The Kansas Cooperative Council is pleased to announce the 2021 Kansas Cooperative Hall of Fame inductees, Vern May, Wichita, and Martie Floyd of Johnson.
Martie Floyd, lifelong resident of Johnson, KS, will be recognized for his decades of service to both the agriculture and electric cooperative industries in Kansas. Mr. Floyd has been an esteemed leader throughout his life, tirelessly giving back to his community. He was nominated for his advocacy, innovation, and vision that has ensured the cooperative’s relevancy, value, and ability to lead. From his years of service on the Board of Directors for Farmland Industries, Pioneer Electric, and Skyland Grain, Martie has exemplified a broad reach of the cooperative leadership and innovation across the state of Kansas and surrounding states. He personifies the cooperative principles and ideals and is a steadfast advocate for the promotion of cooperatives.
Vern May’s contribution to the cooperative industry spans over 40 years. Mr. May started his cooperative career in the early 1970’s in the cooperative banking system with the Wichita Bank for Cooperatives, known today as CoBank. In this role, Vern worked directly with Managers and Board of Directors in strategy, vision, and finance and was instrumental in helping them to successfully navigate the tumultuous landscape in Midwest agriculture. Quickly recognized as a respected leader, he was elected to serve the National Society of Cooperative Accountants, Kansas, Colorado, and Oklahoma Cooperative Councils to name a few. He is congratulated on his dedication to cooperatives through his integrity as a mentor, educator, advisor, and financier to many.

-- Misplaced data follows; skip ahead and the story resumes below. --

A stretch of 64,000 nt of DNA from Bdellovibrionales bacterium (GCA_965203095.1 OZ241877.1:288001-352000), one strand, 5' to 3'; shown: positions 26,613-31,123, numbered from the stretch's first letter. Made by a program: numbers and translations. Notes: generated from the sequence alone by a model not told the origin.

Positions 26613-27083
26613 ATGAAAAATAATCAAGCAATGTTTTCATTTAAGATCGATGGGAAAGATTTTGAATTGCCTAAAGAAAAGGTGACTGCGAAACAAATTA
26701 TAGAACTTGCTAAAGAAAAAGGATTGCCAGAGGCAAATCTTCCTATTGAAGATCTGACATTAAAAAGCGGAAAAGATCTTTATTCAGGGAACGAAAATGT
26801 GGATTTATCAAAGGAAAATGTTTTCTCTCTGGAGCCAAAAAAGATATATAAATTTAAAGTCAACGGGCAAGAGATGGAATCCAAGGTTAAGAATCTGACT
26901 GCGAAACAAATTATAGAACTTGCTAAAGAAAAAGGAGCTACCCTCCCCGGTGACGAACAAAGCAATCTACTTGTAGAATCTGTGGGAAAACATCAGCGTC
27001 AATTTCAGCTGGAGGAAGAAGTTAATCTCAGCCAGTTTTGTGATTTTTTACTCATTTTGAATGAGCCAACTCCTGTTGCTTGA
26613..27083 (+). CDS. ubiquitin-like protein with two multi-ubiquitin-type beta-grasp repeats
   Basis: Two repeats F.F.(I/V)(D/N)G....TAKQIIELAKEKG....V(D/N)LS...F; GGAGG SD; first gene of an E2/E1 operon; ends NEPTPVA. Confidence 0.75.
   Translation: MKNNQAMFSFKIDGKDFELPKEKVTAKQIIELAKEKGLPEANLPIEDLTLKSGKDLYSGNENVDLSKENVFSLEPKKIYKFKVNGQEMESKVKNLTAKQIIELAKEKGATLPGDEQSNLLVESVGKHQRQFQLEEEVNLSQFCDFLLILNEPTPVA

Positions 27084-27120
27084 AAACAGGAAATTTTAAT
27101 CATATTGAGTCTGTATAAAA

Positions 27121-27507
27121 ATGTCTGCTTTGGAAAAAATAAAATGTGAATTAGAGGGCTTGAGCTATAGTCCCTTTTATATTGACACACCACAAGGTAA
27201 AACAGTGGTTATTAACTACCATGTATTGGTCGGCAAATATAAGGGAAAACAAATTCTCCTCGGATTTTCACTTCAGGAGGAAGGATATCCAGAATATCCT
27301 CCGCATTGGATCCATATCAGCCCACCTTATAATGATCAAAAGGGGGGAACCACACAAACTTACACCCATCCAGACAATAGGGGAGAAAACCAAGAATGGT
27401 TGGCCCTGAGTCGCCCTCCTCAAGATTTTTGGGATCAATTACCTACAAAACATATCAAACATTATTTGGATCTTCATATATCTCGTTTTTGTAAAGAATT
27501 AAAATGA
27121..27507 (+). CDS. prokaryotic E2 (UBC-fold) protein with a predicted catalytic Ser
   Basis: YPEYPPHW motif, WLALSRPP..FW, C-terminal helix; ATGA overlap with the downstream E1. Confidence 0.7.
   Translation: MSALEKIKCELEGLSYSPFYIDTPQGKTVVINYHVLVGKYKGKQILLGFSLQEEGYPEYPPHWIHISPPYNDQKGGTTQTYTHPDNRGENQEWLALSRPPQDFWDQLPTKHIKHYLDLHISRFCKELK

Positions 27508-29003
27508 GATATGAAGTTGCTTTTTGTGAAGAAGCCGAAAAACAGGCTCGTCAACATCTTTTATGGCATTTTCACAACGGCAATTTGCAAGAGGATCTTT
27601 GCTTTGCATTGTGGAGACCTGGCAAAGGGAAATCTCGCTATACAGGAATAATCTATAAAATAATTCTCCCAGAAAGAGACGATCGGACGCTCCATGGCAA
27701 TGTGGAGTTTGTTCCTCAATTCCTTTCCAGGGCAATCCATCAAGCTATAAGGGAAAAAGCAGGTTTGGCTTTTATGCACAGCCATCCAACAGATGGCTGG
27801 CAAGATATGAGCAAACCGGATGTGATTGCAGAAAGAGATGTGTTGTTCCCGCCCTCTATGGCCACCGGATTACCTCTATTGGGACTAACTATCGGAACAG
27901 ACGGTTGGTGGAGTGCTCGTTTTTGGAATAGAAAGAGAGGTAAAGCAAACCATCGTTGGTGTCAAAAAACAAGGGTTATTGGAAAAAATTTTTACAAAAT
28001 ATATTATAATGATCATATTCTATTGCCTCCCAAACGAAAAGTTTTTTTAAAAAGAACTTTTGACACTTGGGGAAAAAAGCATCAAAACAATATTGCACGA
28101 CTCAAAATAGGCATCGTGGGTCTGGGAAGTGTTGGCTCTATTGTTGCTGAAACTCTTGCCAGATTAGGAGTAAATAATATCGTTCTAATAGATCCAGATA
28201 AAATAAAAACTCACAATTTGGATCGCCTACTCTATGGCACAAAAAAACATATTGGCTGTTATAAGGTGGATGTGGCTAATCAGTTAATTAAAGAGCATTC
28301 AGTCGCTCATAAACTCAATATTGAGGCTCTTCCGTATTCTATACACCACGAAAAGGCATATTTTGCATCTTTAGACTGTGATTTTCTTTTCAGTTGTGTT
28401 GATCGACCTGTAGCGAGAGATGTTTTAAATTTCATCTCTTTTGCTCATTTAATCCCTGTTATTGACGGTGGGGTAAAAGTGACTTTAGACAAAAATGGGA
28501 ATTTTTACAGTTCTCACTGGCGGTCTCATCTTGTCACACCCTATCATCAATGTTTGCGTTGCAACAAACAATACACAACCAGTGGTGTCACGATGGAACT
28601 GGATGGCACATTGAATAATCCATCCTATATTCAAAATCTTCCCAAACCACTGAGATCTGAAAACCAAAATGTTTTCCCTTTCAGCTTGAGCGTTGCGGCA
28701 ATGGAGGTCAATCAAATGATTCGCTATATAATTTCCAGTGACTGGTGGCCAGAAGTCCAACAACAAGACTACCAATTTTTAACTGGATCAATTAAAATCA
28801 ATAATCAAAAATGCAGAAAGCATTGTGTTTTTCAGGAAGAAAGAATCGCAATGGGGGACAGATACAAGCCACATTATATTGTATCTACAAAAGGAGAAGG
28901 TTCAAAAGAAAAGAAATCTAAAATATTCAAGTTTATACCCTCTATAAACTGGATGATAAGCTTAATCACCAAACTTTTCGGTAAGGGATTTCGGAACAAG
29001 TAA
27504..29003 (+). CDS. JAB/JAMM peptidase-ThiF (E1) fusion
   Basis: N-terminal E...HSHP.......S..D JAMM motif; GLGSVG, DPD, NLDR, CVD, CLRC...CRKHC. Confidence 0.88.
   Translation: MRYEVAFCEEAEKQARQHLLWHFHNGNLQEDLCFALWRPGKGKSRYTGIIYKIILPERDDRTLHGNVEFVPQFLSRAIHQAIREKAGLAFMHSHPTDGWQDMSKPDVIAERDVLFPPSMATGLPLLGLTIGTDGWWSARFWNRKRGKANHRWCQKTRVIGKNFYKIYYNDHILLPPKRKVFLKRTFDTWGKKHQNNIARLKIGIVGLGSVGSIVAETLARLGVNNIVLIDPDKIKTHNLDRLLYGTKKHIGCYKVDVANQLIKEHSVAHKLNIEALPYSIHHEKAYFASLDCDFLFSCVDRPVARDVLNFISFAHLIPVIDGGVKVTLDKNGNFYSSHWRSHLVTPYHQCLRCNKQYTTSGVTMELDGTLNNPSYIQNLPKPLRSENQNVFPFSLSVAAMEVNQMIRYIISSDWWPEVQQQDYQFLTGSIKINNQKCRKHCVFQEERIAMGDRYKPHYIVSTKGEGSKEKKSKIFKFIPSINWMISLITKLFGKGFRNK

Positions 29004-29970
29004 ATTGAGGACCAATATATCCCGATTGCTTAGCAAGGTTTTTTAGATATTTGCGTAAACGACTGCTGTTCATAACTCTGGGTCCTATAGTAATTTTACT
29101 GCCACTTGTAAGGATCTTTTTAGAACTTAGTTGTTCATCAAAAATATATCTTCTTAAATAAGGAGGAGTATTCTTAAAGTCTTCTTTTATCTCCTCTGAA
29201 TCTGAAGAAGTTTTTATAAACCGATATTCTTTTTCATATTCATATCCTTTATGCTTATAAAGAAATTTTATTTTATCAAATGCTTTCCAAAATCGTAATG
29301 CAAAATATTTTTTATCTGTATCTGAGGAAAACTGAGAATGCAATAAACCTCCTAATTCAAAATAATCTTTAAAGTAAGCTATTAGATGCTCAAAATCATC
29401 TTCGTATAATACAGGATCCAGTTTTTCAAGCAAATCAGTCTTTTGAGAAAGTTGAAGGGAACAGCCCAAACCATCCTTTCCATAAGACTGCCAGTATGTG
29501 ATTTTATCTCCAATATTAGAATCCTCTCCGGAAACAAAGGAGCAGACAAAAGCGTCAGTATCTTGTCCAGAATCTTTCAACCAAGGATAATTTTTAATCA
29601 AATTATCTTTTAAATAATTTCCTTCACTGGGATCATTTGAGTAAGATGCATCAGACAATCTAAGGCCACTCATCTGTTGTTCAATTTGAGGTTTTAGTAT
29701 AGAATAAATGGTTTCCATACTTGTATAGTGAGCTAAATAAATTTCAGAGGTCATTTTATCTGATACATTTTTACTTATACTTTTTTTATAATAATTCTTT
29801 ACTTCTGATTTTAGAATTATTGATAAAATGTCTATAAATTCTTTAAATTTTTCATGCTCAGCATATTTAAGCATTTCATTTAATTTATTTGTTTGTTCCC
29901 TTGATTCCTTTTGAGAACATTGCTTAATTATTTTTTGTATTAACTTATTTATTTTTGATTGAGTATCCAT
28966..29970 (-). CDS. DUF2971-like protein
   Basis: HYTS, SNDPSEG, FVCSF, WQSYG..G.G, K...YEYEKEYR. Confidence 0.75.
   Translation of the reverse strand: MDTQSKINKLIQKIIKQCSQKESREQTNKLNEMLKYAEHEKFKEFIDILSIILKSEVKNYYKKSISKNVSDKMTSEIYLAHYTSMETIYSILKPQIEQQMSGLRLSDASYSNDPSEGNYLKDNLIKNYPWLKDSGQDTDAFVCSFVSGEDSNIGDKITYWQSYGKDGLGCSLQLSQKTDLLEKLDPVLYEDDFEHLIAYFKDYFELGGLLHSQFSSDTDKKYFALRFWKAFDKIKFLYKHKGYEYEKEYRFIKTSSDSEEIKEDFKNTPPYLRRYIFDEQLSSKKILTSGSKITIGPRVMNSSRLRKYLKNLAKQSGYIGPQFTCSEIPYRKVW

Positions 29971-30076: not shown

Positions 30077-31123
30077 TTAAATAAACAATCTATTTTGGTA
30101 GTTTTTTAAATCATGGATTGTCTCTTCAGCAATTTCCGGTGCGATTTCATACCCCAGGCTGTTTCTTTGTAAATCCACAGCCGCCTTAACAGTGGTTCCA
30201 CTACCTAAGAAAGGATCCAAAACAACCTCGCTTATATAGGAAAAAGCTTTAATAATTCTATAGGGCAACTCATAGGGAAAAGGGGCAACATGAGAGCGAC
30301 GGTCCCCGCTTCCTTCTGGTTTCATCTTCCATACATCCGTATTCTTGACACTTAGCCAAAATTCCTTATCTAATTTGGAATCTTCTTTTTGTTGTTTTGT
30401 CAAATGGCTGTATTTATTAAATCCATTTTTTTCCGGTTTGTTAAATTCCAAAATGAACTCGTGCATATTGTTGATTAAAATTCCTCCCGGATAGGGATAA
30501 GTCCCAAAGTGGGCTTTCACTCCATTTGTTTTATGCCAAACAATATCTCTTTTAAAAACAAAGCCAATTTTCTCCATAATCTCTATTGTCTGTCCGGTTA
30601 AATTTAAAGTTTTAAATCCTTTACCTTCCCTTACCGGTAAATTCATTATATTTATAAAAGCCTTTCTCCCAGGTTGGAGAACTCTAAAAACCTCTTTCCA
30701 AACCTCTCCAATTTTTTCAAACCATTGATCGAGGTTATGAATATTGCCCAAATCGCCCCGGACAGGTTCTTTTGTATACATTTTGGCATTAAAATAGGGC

The Kansas Cooperative Hall of Fame was established in 1999 to honor individuals in Kansas who have been instrumental in developing and spreading the cooperative philosophy. To date, 51 cooperators from all types of cooperatives have been inducted to this elite group. The Hall of Fame is important for recognizing the contributions of co-op pioneers and honoring those who have gone “above and beyond the call” in advancing the cooperative movement.